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Fieldwork that is right up your street

For accessible fieldwork, Stephen Scoffham outlines how to set up a trail in your locality.

Whether your school is in the centre of a town, a suburban estate or a country village, the local streets and buildings are an important teaching resource. The pressures of the curriculum and the timetable constraints often make it hard to justify lengthy educational visits. On the other hand, the immediate environment is much more accessible and easier to use. Local work also has the advantage of ascribing value to the world which pupils already know and where many of them live, enhancing their self-esteem.

There are many ways of structuring outdoor work. Trails are particularly useful as they focus children's attention on specific issues. The same streets can illustrate aspects of geography (building materials and house styles), history (life between the wars, the Victorian period), or religion (the things which people value and treasure). Depending on the questions you ask, the children can be prompted to collect information and material which they can analyse and process when they return to school.

Trails date back to the perambulations described in Victorian guidebooks. After the Second World War the growing demand for outdoor leisure pursuits in the United States led to a huge growth in trails and prepared routes in the National Parks. In due course imaginative teachers on this side of the Atlantic high-jacked the concept by adding an interactive or participatory element. Soon the educational press began to carry reports on how to use trails for teaching purposes. The Bulletin of Environmental Education (BEE) was particularly influential, pioneering a range of recording techniques and showing how trails could be used in urban, rather than rural, areas.

Devising a trail can be time consuming but it is a good investment because the same material can be used with different groups over a number of years. It is also fun to do and will enlarge your knowledge of the area around the school.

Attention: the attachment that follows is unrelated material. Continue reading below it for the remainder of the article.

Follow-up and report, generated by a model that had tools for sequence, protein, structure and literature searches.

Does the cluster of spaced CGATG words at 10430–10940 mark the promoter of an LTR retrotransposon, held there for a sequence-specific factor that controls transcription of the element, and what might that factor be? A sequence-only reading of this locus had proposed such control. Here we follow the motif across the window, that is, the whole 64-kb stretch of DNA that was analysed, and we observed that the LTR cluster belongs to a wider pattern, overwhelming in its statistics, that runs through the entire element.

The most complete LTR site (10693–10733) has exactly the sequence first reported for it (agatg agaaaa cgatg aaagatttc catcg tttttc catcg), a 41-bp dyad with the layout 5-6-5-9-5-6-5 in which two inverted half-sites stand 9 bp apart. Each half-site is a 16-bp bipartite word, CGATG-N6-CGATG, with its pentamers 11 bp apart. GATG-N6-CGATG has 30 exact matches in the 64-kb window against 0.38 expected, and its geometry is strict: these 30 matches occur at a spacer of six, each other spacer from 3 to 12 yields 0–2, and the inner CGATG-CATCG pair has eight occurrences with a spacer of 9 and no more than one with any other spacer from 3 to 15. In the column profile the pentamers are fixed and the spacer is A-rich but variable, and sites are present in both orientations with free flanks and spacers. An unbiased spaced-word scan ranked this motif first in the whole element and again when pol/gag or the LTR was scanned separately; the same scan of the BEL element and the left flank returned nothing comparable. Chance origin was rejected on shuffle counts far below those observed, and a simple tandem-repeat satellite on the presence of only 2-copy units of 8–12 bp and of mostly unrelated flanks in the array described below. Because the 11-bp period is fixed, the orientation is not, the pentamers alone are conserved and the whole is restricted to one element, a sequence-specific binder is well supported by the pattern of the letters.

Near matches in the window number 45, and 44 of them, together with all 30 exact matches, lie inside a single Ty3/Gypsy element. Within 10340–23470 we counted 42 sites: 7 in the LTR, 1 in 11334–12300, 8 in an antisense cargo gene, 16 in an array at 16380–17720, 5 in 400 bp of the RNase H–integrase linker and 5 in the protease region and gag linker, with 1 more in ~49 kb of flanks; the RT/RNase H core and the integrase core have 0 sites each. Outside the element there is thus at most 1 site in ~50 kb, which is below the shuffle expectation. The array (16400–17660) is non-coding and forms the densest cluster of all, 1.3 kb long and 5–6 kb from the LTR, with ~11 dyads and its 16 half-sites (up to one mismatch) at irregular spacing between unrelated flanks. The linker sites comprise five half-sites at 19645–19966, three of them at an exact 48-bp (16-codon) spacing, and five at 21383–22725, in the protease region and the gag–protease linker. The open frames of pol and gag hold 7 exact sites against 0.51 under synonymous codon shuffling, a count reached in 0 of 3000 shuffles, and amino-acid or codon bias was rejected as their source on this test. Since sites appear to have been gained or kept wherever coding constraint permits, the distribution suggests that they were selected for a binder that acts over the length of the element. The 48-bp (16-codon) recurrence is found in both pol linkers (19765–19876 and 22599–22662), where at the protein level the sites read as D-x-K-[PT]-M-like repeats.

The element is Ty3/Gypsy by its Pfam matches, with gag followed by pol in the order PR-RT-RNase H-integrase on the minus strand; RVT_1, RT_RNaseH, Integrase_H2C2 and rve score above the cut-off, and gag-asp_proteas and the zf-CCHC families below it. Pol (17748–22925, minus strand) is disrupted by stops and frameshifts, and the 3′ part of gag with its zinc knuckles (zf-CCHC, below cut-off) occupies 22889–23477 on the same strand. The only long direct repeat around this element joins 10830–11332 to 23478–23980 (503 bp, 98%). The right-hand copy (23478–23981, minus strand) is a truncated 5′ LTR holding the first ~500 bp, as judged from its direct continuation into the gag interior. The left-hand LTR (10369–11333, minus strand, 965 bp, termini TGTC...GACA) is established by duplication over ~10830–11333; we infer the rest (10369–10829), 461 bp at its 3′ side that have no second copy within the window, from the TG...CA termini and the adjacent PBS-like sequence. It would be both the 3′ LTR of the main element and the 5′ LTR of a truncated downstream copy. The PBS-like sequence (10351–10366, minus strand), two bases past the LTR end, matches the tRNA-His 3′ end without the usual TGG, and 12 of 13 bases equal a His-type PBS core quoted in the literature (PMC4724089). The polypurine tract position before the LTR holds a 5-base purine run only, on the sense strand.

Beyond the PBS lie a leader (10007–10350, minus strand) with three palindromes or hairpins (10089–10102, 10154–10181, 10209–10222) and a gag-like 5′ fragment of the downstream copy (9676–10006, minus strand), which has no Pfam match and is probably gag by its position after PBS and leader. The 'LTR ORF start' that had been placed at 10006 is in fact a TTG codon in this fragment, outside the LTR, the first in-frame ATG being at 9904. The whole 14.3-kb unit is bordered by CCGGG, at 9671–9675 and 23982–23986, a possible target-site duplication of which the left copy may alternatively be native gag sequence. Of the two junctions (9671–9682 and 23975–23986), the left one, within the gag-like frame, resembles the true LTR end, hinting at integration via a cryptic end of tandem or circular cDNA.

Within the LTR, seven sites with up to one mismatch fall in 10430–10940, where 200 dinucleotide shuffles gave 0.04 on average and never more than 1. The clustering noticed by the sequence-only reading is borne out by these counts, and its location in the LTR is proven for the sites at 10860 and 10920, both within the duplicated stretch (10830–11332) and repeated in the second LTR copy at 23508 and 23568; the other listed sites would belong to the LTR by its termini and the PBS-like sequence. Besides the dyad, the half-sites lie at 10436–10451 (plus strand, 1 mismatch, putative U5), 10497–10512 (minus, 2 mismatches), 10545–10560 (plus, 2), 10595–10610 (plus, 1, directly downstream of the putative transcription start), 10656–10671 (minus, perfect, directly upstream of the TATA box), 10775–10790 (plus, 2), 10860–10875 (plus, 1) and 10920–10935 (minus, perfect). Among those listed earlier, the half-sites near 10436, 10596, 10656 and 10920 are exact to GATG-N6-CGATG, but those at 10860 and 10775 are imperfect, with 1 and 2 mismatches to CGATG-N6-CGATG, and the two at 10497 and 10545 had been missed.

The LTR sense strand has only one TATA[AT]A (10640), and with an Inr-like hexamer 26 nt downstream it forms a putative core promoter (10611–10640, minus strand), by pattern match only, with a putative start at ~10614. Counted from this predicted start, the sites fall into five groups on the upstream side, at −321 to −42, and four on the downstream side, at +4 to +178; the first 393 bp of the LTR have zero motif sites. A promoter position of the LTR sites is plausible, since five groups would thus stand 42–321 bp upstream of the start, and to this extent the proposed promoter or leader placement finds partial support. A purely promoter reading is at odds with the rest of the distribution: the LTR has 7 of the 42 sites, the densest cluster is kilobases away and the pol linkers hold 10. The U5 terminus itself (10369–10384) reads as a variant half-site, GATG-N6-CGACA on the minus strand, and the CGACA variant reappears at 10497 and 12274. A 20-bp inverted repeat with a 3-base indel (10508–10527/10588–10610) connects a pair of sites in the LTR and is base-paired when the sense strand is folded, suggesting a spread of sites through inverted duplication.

With increasing pressure on the school timetable there is a danger that fieldwork will be squeezed out of the curriculum. At the same time children are increasingly deprived of opportunities for exploring their immediate environment on their own because of parents' fears for their safety. A study by Mayer Hillman, for example, revealed that between 1970 and 1990 the number of seven and eight-year-olds walking to school on their own dropped from 80 per cent to less than 10 per cent. Hillman and others warn that children who are reared in "batteryconditions" will be less accomplished physically, emotionally, socially and educationally.

The argument for fieldwork has also been dramatically strengthened in the past few years by neurological studies of the brain. We learn best, it seems, from rich, multi-sensory environments that provide a range of messages and meanings. Our brains are particularly good at extracting patterns from real life situations where information comes in a variety of modes and there is immediate feedback. Devising a trail is one way of getting children out of the classroom and into rich and varied learning environments. Once you have broken through the barriers the chances are you will want to go time and again.

Stephen Scoffham is senior lecturer in geography education at Canterbury Christ Church University College. E-mail:

DEVISING A TRAIL: practical suggestions

* Decide whether you are going to focus on a theme (such as change), a topic (such as transport) or are simply going to select points of interest along a given route.

* Think about whether you want to base the trail on questions and answers, or "stops" at which pupils undertake a variety of different activities.

* Decide exactly where you are going to cross roads and assess any other safety hazards.

* Do not always choose the obvious route. If the trail leads down paths and alleyways it will be more interesting and contain surprises and contrasts.

* Do not make the route too long, but decide whether you want it to lead round in a circle to where you started.

* Provide pupils with a map of the route.

* Select the questions and activities carefully so they have a clear educational purpose.

* Avoid closed questions leading to a simple yesno answer.

* Keep the instructions down to a minimum so that the children do not spend precious time outdoors trying to decode the text.

* Include a variety of recording techniques such as surveys, lists, diagrams, labelled sketches and mapwork exercises.

Depending on the number of children, you may wish to send the pupils off in groups at intervals of two or three minutes. Alternatively, you can avoid crowding by getting half the class to do the trail starting from the other end. Some of the children may want to take photographs.

Many schools have videos and digital cameras. These are easy to use and produce versatile images. Whatever the situation, what is important is that pupils bring back to school experiences which will enrich and enhance their classroom studies.

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